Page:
Domestic cats are very effective predators. They can ambush and dispatch prey
using tactics similar to those of leopards and tigers by pouncing; they then
deliver a lethal neck bite with their long canine teeth that severs the victim's
spinal cord, or asphyxiate it by crushing the windpipe.
Cats have highly specialized teeth and a digestive system suitable for eating
meat. The premolar and first molar together compose the carnassial pair on each
side of the mouth, which efficiently functions to shear meat like a pair of
scissors. While this is present in canines, it is highly developed in felines.
The cat's tongue has sharp spines, papillae, useful for retaining and
ripping flesh from a carcass. These papillae are small backward-facing hooks
that contain keratin and assist in their grooming. Cats eat almost no vegetable
matter. Whereas bears and dogs commonly supplement their diet of meat with
fruits, berries, roots, and honey when they can get them, cats feed exclusively
on meat, usually freshly killed. Cats, including the great cats, have a genetic
anomaly that prevents them from tasting sweetness, which is probably related to
their meat-only habits.
Fat Cats Video
Domestic cats can't be adapted to an unsupplemented vegetarian diet because they
can't synthesize several nutrients they need and that are absent or rare in
plant food. This applies mainly to taurine, vitamin A (cats cannot convert the
pro-vitamin A that is abundant in plants to vitamin A proper) and to certain
fatty acids. The absence of taurine causes the cat's retina to slowly
degenerate, causing eye problems and eventual irreversible blindness. This
condition is called central retinal degeneration. Cow's milk is a poor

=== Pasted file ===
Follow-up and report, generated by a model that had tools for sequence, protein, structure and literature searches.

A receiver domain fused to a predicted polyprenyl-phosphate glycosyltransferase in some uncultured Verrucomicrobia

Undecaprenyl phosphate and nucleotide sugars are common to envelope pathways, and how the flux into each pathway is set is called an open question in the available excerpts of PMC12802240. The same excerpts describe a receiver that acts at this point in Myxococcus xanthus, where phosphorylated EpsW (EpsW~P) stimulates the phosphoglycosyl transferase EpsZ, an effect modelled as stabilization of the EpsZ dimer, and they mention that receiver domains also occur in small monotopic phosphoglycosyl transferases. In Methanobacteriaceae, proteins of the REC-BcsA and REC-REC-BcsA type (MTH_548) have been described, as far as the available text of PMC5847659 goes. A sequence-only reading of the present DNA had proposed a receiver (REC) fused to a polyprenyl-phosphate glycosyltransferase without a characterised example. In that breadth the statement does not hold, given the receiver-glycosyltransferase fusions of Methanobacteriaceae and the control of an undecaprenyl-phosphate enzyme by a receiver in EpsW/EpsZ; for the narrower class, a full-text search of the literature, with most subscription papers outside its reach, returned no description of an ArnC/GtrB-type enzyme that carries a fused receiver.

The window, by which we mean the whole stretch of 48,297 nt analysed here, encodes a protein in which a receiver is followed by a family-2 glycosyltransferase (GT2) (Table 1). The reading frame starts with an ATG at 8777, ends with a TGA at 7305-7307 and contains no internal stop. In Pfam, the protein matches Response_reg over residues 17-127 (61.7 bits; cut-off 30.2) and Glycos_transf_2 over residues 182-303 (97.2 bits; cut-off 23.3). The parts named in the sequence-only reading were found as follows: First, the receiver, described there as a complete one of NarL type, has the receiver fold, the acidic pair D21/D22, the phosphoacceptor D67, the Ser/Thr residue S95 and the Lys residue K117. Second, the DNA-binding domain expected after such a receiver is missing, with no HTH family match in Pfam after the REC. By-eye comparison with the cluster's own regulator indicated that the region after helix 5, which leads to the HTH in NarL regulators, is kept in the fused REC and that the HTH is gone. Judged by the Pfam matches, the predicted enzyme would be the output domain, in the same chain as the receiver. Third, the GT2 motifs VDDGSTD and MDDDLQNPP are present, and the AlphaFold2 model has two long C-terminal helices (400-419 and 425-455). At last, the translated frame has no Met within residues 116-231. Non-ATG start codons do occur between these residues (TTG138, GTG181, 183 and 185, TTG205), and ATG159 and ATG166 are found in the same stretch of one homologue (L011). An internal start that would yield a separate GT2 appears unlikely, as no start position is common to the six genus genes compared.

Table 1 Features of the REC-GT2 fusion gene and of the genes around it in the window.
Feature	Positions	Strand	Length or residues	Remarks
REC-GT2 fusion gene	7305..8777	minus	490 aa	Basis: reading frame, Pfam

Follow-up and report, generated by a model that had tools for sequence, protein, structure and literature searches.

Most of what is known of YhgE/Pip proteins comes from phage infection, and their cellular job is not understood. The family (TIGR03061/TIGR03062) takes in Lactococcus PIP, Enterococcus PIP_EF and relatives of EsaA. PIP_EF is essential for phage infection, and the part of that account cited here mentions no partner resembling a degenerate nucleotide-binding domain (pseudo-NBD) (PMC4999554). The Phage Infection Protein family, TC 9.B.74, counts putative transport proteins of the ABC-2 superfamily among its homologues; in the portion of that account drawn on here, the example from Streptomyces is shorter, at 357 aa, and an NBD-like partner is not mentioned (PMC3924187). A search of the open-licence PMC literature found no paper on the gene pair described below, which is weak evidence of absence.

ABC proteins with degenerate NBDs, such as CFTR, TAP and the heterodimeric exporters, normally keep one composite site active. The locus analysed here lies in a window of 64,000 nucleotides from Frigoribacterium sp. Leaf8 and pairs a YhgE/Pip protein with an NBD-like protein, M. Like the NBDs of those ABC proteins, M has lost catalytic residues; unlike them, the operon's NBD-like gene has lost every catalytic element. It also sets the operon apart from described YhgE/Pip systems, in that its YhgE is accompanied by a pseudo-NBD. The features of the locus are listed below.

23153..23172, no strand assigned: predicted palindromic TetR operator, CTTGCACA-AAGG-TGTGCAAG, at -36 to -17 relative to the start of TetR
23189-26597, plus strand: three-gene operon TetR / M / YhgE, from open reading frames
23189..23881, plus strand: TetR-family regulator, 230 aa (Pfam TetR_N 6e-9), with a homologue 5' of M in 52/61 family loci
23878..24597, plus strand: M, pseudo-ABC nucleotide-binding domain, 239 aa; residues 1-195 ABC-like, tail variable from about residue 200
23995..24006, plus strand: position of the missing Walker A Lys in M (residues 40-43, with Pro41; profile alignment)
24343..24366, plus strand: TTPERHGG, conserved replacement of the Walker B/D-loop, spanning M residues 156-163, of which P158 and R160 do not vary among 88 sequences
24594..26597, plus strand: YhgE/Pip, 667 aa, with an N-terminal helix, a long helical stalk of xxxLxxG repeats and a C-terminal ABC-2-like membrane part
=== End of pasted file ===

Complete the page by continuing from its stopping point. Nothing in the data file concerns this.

source of taurine and adult cats are generally lactose intolerant. Lactose-free
milk is perfectly safe, but still not a substitute for meat. This contrasts with
domesticated dogs, who commonly are fed a mixture of meat and vegetable products
and can be adapted to non-supplemented vegetarian diets (though supplementation
may be better for dogs too). However, the majority of brand-name cat food are
primarily grain based, often containing large amounts of corn or rice and
supplemented with meats and minerals and vitamins.
Cats have been known to munch on grass, leaves, houseplants and shrubs as
regurgitate whatever is upsetting their stomach.
Some house plants are harmful food to cats. The leaves of the Easter Lily can cause
permanent and life-threatening kidney damage to cats. Philodendron are also
poisonous to cats.
About two thirds of cats have a fondness for
catnip. While they generally don't
consume it, they will often roll in it, paw at it, and occasionally chew on it.
The effect is usually relatively short, lasting for only a few minutes. After
two hours, susceptible cats gain interest again. Several other species of plants
cause this effect, to a lesser degree.
Cats being fussy eaters mostly happens when the vomeronasal, or Jacobson's,
organ becomes sensitized to a specific food, at which point the cat will reject
any food that doesn't fit the pattern it is expecting. Additionally, cats have
been known to develop a fondness for "people food" such as chicken, French
fries, pizza, bread, ice cream, carrot juice, olives, tomato soup, and carnitas
burritos, as well as cat diet exotica such as corn kernels and diced cantaloupe.
But many "people foods" are not good for cats; chocolate, for example, can be fatal
due to the presence of theobromine.